There is a lot to plan and do when a baby is born in the Jewish community and there is certainly a lot to celebrate.
One of the first items on the agenda if the baby is a healthy boy, is to schedule a brit milah, followed by a baby naming ceremony. Luckily, we have a certified mohel right here in Edmonton – Rabbi Yaacov Laredo – who brings his expertise and sensitivity to the ceremony of traditional circumcision.
A Brit Milah is the surgical removal of the foreskin of a newborn male baby that occurs on the eighth day of the child’s life. Traditional ritual circumcision is an expression of Jewish identity, an act of faith and commitment. The ceremony can take place at home, at synagogue or at a party hall and it is done in order to connect the child with the generations before him dating all the way back to Abraham.
“More than any other Jewish ritual, Brit Milah is an expression of Jewish identity. Its fulfillment symbolizes an affirmation of faith in Abraham’s ancient and still vibrant covenant with G-d,” explains Rabbi Laredo. “Through ritual circumcision, parents forge their precious child as another link in the continuing chain of our people that has proudly survived the challenges to its physical and spiritual existence for thousands of years.”
Many ask, “If G-d wanted man circumcised, why didn’t He create us that way? Rabbi Laredo provides this explanation. “Rabbi Akiva taught us that G-d wants us to be clothed, yet suits and dresses don’t grow on sheep. G-d provides us with raw materials and it is up to man to perfect and enhance them. Food, clothes, and even our places of habitat are all commodities that we put together from what we are provided with by our generous Creator.
“Man, too, needs to be perfected. The act of ritual circumcision brings man to that perfection. The Torah itself uses the word ‘perfect’ in recording G-d’s command to Abraham to circumcise himself. “Go before Me and become perfect,” (Genesis 17:1).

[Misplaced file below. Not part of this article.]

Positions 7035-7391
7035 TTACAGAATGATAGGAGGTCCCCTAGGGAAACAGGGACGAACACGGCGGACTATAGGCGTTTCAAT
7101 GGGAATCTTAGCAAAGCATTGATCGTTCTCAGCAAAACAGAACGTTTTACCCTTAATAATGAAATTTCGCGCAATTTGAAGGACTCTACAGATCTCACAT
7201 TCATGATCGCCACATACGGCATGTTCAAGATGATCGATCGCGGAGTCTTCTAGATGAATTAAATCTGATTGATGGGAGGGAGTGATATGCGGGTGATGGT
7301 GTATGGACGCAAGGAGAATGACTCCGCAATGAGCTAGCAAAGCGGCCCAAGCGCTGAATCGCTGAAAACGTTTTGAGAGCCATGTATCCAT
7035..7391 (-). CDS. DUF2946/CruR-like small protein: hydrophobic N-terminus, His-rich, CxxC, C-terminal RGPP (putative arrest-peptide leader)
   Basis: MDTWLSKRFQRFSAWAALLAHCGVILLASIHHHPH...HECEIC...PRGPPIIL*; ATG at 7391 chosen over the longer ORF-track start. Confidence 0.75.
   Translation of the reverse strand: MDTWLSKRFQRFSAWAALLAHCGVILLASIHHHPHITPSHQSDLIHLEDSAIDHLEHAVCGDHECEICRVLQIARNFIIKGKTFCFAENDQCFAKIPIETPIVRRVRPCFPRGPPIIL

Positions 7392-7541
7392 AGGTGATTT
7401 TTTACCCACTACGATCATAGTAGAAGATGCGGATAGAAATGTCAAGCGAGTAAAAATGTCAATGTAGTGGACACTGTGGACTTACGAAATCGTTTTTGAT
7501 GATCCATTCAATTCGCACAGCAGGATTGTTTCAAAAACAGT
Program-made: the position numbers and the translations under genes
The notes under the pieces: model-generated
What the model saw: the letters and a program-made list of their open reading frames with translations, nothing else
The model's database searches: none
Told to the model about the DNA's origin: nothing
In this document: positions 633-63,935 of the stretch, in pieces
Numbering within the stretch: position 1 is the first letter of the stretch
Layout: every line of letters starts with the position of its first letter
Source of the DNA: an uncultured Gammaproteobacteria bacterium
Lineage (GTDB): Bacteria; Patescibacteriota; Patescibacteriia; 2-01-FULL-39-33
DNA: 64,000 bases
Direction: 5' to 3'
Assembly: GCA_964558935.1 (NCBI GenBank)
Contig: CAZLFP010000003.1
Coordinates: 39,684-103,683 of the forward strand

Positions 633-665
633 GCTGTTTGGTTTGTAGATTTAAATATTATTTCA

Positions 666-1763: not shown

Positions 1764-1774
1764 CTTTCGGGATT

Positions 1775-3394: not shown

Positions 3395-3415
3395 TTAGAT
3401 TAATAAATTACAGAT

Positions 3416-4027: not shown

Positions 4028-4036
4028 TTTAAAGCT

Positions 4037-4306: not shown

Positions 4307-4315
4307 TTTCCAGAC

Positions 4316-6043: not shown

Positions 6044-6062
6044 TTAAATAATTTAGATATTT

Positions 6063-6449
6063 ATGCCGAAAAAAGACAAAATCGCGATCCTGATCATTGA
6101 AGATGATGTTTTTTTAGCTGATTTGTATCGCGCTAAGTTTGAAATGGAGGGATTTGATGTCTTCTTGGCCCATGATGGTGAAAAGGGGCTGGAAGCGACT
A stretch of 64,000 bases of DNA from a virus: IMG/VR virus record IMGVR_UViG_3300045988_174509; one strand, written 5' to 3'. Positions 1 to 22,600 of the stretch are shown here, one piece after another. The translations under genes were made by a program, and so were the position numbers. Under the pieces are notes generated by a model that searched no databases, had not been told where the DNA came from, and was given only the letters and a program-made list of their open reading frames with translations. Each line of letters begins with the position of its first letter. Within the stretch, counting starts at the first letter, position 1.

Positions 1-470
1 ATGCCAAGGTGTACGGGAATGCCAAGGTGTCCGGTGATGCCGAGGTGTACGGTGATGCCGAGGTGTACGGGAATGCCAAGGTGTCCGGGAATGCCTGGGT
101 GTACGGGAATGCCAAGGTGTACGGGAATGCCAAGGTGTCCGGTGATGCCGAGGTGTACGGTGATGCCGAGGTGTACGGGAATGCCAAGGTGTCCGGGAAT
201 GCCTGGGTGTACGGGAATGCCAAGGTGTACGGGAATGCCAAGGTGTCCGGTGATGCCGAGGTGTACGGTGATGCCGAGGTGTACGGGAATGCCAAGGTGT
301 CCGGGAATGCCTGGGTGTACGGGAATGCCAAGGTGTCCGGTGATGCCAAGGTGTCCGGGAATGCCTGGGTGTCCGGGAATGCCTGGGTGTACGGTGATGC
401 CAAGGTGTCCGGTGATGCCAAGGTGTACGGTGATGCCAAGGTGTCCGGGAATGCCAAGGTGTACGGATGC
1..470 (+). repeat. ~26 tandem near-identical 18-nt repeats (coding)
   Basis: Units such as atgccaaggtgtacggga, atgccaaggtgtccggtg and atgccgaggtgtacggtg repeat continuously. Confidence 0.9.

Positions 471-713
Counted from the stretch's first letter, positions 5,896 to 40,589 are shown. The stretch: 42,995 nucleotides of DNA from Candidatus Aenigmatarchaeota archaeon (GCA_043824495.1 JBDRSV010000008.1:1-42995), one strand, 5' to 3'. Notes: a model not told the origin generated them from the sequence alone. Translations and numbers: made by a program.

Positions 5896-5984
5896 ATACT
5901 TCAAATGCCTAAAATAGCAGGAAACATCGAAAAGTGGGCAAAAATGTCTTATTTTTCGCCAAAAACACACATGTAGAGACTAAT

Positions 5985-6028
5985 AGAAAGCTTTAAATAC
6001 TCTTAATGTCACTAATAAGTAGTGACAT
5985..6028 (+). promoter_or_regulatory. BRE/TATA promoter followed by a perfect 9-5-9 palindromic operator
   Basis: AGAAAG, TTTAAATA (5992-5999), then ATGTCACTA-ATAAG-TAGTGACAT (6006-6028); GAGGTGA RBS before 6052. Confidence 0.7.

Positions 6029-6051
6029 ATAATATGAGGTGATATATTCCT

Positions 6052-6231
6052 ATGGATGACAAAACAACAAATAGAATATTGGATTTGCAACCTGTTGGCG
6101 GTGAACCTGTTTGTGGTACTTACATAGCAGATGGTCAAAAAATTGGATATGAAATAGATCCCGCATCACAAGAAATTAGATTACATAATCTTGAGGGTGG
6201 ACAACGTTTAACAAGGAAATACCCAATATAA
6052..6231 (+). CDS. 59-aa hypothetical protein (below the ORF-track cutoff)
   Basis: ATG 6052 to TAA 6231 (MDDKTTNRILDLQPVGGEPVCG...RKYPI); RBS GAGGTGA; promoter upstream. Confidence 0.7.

“The Brit on an infant is the culmination of his creation. First, there is the wonder of conception, then the miracle of the formation of the embryo as the mother nurtures the newborn within her, and finally a child is born. The child is complete but is not yet perfect. There is one final step to completion – Brit Milah, The Covenant of Circumcision.”
The Brit Milah is an opportune time to celebrate the simcha of the new addition to the family. Traditionally, we simply inform people of the time and place of the Brit, as opposed to explicitly inviting them. It is also an ideal occasion to honor one’s male relatives and close friends to take part in the ceremony. It isn’t necessary to give out all the honours; the only one which is absolutely needed is the Sandak who assists the Mohel by holding the baby on his lap. Kabalah teaches that the child draws upon the good character traits from the Sandak and shares a spiritual connection with him. It is therefore customary to give this special honor to the baby’s grandfather or Rabbi of the family.
Traditionally, the parents engage a Mohel, ritual circumciser, to perform the Brit. A Mohel is a person who is specially trained in the medical and surgical techniques of circumcision. In addition to being an expert in his field, the Mohel is also an expert in the Jewish laws and customs pertaining to Brit Milah. “It is important to choose an Orthodox, G-d-fearing Mohel in order to ensure that the Brit is done to perfection,” notes Rabbi Laredo. “A doctor’s medical circumcision, usually performed in the hospital within the first few days after birth, does not fulfill the requirements of a Brit Milah and is not considered valid according to Jewish law. The Brit must be performed on the eighth day by a Jewish person who is specially trained to function as a Mohel. The Mohel cuts the foreskin to expose the corona. Then he bandages the wound to help it heal.”
The ceremony is followed by a celebratory meal and the naming of the baby.
Rabbi Yaacov Laredo, Certified Mohel, is a member of the Rabbinic Faculty of the Edmonton Community Kollel. In 2011, he received his Brit Milah training and certification in Jerusalem, Israel by world-renowned specialist and teacher of traditional and ritual circumcision, Rabbi Yossef Oren. Rabbi Laredo studied Talmudic Law for many years in Jerusalem, and in 2012 received Rabbinic Ordination from Rabbi Yitzchak Berkovits, Dean of the Jerusalem Kollel. He also is trained and certified in Shechita and Hashgacha.
Rabbi Laredo brings to the ceremony a sense of security and tradition. His composure and supportive guidance makes parents feel at ease, enabling them to celebrate this momentous event. He performs circumcisions all over Canada, and has been flown in by parents who are seeking a combination of security, expertise and satisfaction.
Rabbi Laredo is fluent in English, French and Hebrew. He is more than happy to answer all questions pertaining to circumcision and your new child, as well as questions you may have on Judaism and Jewish tradition as a whole. He can be reached at firstname.lastname@example.org or at 780-903-7488.
Check out his website at www.communitymohel.com